Jewish group tries to solve sketch mystery


The club members had names like Singing Sam, Hairsey, Bulldog and Long Shot Louie.

But specific details are few about a thriving gambling fraternity that flourished on The Block 50 years ago. Except for a pair of large ink sketches that were recently donated to the Jewish Historical Society, little is known about the cigar-smoking poker players whose likenesses have survived on two cartoon-like panels.

The society would like to shed some light on this minor mystery.

Does anyone recall a club run by a man named Meyer Atkins? His daughter, Phyllis Atkins Neuman, who lives in Pikesville and donated the pictures to the society, recalls its name as the Young Men's Hebrew Democratic Club.

An inscription on the panels calls it Myer [sic] Atkins' Democratic Club. She says that the club met in a room in the old Gayety Theatre building at 405-7 E. Baltimore St.

"When we were children my mother kept us detached from the card playing that went on there all day," she says. Her parents, Meyer and Rose Atkins, lived at 2130 E. Baltimore St. 50 years ago.

The pictures are signed and dated. They bear the signature of Eddie Levin, and are dated Feb. 24 and 28, 1944. More than 25 faces are shoehorned into each panel.

The men, depicted in humorous poses, have names such as Stoddie, Primrose, Whitey, Big Abe, Yudie, Little Caesar, Happy, Maxie, Woppie, Buzz King, Hambone, Staminga John, Yonkel. Some have full names: Gus Askin, Joe Gobby, Joe Moses, Morris Lott, Harry King and Mike Goldstein.

There is a group identified as the Four Horsemen: Joe Beard, Willie Fisher, Harry Gilden and See Me.

There's also an Ike Rice, Times Square Frankie, Bruno, the Rebel, Dodo and Barkeep Eddie.

The man listed as George Goldberg is possibly a man of the same name who was president of the Century Athletic Club on The Block, a locally famous fixture on the gaming strip.

The man drawn as Salisbury is probably Julius "The Lord" Salsbury, a Block figure who disappeared more than 25 years ago in one of the city's more celebrated criminal cases.

Morris Gordon, a volunteer at the historical society, remembers the man called Singing Sam as a Block figure who often sang outside the old Horn & Horn Restaurant at Baltimore Street and Guilford Avenue.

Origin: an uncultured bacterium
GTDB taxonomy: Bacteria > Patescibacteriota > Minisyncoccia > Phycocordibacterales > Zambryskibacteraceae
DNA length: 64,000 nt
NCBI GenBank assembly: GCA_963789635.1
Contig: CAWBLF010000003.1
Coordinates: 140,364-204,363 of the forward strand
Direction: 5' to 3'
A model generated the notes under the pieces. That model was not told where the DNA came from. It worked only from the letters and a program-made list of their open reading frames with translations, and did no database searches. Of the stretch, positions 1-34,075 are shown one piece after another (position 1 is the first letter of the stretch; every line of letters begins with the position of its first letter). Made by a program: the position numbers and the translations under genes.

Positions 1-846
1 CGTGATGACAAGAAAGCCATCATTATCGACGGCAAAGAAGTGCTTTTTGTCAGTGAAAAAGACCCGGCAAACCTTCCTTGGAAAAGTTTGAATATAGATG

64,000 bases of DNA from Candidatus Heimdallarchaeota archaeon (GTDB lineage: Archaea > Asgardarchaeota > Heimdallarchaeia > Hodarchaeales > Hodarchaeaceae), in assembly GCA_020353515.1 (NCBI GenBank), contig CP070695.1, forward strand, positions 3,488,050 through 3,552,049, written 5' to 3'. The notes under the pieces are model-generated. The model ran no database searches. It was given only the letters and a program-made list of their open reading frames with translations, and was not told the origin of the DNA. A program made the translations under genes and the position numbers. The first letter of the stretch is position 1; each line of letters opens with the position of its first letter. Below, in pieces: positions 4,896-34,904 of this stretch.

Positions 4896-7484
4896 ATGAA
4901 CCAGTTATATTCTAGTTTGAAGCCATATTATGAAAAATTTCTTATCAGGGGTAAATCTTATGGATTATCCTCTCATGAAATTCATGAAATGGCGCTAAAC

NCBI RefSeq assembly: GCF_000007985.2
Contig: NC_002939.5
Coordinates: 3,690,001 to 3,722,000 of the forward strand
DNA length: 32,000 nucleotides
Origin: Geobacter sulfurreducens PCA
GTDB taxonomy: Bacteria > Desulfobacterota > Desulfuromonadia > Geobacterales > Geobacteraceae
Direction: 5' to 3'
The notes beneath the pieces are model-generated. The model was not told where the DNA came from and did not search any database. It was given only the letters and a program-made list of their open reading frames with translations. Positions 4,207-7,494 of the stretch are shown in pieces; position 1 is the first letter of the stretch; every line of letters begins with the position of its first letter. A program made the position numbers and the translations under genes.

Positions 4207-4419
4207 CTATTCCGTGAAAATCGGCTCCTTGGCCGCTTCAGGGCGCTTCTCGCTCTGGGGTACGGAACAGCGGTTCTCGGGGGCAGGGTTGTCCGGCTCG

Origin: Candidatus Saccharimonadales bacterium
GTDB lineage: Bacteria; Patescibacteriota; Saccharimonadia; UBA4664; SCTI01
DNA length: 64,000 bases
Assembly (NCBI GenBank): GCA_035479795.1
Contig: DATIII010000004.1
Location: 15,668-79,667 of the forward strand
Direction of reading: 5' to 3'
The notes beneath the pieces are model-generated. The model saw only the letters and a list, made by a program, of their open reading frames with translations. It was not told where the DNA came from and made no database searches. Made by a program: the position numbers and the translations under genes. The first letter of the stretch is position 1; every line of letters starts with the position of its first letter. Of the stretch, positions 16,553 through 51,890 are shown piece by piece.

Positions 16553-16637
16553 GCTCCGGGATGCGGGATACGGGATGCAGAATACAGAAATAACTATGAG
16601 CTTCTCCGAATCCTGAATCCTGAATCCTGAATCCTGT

The Jewish Historical Society of Maryland, which is headquartered at 15 Lloyd St. a few blocks east of downtown, has collected some 8,000 objects and 500,000 documents.

Many relate to Jewish life in Baltimore. And many are clearly defined as to subject matter and origin. A few, however, lack proper explanation. This is one of those unsolved riddles -- an established card game in a setting seemingly lifted from the pages of writer Damon Runyon.

"There is a whole world that falls beneath the historical radar. These pictures show a floating Jewish world that people knew existed and wouldn't talk about except to themselves," says Bernard Fishman, director of the historical society.

He compares the gathering of men to play cards who probably all knew each other by nicknames to the group of older gentlemen who met each morning for breakfast at Miller's delicatessen on Reisterstown Road.

"It is these social groups that vanish without much of a trace, yet they are very much a part of life," Mr. Fishman says.

Each year the society mounts large shows pertaining to Jewish life in Baltimore and Maryland. And one of its most challenging tasks is to record and show life in Baltimore as it was actually lived.

"We don't have a single photo of people enjoying themselves at Nate's and Leon's," says curator Barry Kessler of the delicatessen on West North Avenue that was jammed with customers from the late 1930s through the 1960s.

But thanks to artist Eddie Levin, whoever he is, the scene at the card club has been recorded. If anyone knows some details, please call Barry Kessler at the Jewish Historical Society, 732-6400.

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